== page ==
Sorry. What we call "good" and what God calls "good" are different things - remember? To us, "good" is happiness. We like to skip the difficult, boring parts and get right to the juicy bits; the reward. That's why our society sees love as a side dish and sexual gratification as the main entree. God serves it the other way around. To God, happiness is a byproduct of Love, but never a goal in itself. Sometimes it is only through suffering that we may receive what is good from God's hand - but when we allow God to choose for us, our suffering is never the result of another person's choice. It has been weighed, measured, and chosen by the One who chose suffering for himself.

God loves the people of Darfur and the Sudan and Rwanda. He longs to give them what he longs to give us - something far, far lovelier than happiness. He longs to give them himself. Love. And they may be hungrier for the main course, since, unlike us, they've been denied the opportunity to gorge themselves on side dishes.

The soul who chooses love may be beaten, tortured, and tormented. She may be violated and imprisoned. She may be robbed even of life itself. But she will have, in spite of her pains, what only one who has experienced both may tell us is far better. No sword may separate her from that Father and Mother and Friend who alone knows the deep things of the human heart. No lock may bar her from that unfettered freedom that love alone imparts to the sou. l No violation may rend from her the sacred self that belongs to God alone. She is at no one's mercy, for God himself counts the drops of blood that may be spilled from her body. She may bleed, but it will be as God bled. She will love as God loves. She will fly free.

Cry for the people of Darfur. What is in your power to offer as relief for their suffering, hold not back. But cry for yourself, if you don't know Love.

7 comments:

joeyanne said...

I like your point that the choices of others can affect us. Negatively. The consequenses of the sin of other people can fall on us. The effects of their choices (hatred, greed...) are not poured on people by God, but by those who chose them. The freedom from these consequences lies not in removing the choice from the people who choose evil,(because that would end up being all people), but in choosing LOVE ourselves. Am I saying we should stand by when others are being tortured? Certainly not. But that is a political issue. God does not do politics, He deals with individuals. Those who have chosen to use, abuse, and torture other human beings have turned their backs on God. They are in a far worse situation than those being tortured. I do not say this lightly. The consequences of sin do not fall in God's court, just because they fall on the innocent. God does not change. He reaches out to individuals, as He has been doing since the first man. Again, this is not a political view! Politically, who would not be against torture, abuse, and greed? But what am I going to do about it? Presently, I am without means to do anything other than pray. When I, personally, am in a situation to oppose such evil, it is my responsibility.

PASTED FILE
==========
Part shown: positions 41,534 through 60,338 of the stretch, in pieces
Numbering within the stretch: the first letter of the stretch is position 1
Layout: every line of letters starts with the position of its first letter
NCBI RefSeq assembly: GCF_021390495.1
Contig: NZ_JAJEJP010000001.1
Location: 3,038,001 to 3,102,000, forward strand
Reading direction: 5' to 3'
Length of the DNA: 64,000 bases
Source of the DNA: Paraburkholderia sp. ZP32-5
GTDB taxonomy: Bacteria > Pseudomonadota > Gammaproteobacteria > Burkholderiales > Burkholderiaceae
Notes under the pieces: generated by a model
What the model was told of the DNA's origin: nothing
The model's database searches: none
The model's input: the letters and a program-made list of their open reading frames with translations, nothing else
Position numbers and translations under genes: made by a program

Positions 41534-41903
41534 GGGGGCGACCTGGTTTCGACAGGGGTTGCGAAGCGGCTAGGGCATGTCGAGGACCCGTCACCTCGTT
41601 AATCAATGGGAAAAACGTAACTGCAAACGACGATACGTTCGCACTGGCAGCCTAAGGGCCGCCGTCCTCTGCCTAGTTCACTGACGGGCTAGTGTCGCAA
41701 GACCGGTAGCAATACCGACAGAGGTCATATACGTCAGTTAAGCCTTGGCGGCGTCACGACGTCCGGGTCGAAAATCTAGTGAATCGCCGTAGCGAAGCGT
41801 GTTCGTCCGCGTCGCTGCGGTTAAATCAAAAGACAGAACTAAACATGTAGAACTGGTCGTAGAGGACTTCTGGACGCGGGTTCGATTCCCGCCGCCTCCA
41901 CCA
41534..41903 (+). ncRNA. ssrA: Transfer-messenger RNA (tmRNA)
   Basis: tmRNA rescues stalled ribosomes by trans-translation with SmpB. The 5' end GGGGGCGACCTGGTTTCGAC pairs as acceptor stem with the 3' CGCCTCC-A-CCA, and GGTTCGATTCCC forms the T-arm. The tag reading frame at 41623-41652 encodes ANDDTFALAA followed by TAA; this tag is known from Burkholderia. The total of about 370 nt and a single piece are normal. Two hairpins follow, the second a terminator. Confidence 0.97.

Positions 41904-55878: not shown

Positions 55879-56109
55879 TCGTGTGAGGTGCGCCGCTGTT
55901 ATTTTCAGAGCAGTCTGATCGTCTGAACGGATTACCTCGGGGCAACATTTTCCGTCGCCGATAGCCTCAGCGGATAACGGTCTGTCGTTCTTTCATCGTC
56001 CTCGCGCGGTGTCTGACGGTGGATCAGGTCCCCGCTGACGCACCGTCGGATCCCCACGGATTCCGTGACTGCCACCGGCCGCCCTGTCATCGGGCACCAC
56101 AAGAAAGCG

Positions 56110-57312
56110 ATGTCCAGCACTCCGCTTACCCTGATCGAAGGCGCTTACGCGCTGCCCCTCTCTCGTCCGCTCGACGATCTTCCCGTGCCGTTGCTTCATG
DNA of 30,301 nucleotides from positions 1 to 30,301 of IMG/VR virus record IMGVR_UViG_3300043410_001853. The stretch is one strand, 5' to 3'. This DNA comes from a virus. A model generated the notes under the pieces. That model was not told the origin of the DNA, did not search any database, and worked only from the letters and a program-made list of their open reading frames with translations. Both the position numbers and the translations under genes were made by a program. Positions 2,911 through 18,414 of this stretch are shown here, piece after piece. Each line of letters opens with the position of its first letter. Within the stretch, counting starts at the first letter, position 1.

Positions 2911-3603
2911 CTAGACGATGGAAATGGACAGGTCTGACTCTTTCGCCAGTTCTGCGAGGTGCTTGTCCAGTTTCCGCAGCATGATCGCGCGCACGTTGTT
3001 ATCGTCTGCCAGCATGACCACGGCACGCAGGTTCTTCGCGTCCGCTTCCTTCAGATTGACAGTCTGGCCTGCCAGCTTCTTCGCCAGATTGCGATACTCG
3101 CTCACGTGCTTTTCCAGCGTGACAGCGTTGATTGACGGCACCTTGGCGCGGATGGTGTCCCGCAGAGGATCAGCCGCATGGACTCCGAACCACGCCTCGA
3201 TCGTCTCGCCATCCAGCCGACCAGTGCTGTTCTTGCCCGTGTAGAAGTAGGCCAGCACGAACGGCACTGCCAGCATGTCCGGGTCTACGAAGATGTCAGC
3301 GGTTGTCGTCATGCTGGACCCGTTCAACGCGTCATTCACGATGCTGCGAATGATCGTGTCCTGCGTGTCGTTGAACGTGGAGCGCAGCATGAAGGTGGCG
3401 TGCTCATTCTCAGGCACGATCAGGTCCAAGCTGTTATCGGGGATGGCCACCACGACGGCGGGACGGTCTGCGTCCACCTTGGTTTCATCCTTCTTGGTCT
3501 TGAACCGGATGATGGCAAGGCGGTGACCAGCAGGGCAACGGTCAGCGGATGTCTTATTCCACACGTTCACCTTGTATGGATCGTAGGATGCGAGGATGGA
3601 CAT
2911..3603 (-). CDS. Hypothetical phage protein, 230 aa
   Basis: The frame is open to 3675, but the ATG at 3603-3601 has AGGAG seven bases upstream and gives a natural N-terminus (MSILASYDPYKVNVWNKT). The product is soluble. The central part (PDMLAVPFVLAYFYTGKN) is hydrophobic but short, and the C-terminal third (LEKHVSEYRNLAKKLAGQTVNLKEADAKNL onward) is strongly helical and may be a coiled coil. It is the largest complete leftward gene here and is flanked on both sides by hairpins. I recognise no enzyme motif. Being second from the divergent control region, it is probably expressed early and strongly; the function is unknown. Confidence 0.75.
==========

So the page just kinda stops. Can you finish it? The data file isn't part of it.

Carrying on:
Slapdash said...

So the gist is: free will = love. Love > Happiness.

Do we have free will in heaven? Or does the equation reverse at that time, such that Happiness > Love?

You don't say it in this blog entry, but I believe at one point you made the argument that for God to restrict our free will would be tyrannical and we would be robots. (Forgive me if I'm attributing this to you incorrectly.)

So can we have free will in heaven, when Rev 21:4 promises that there will be no death, sorrow, crying, or pain there?

All of those things are a result of free will, of choice, of SIN, no? So it would seem we become robots under a tyrannical God in heaven.

Which to me begs the question of why it's so important that we have free will NOW, for a measly 80-ish year lifespan, which in the scheme of eternity is nothing, less than a grain of sand, less than a subatomic particle.

Slapdash said...

JP-I saw after posting this that you had replied to the same issue on Heather's blog...

Jennifer said...

Bravo!

Your illustration is excellent.

A woman I once knew was in the position of not knowing what to tell a hurting teen when his parents divorced and the teen asked her why God could not just come down and hug him.

She lifted a quick question to God and asked Him 'why' too. God told her, "I can, give me your arms." So she hugged the teen and told him where it was coming from.

That may sound corny to some people, but when God works in that way, it is felt and understood.

Thanks for sharing your experience!

bjk said...

http://mission.squarespace.com/-journal/

Thanks for your words at my blog they really are encouraging.....

We_Must_Be_the_Change said...

Yes, this IS NOT a politicial issue!
When innocent lives are being tortured and killed, the word "politics" should be thrown away and be replaced with "morals"..Moral olbligation.
The evilness of mankind IS NOT a fault of God!

We do evil.

We let evil.

We musn't!

For too long human beings have either blamed God, or believed that God doesn't exist. But, aren't we at fault if we commit these murders? Aren't we at fault if we let this murder and raping happen, and not do a thing to prevent these evil acts, when we truly can make a difference?

Prayers are needed!

Action is needed!

And, please listen if you'd like!!!:
There are things you can do.

For istance:
1.) Pray
2.) Call 1-800-Genocide
3.) Talk to representatives
4.) Volunteer
5.) Donate
ect, ect, ect...
Why don't you ask God for Him to work through you so that His Will be done.

This evilness..is not His Will.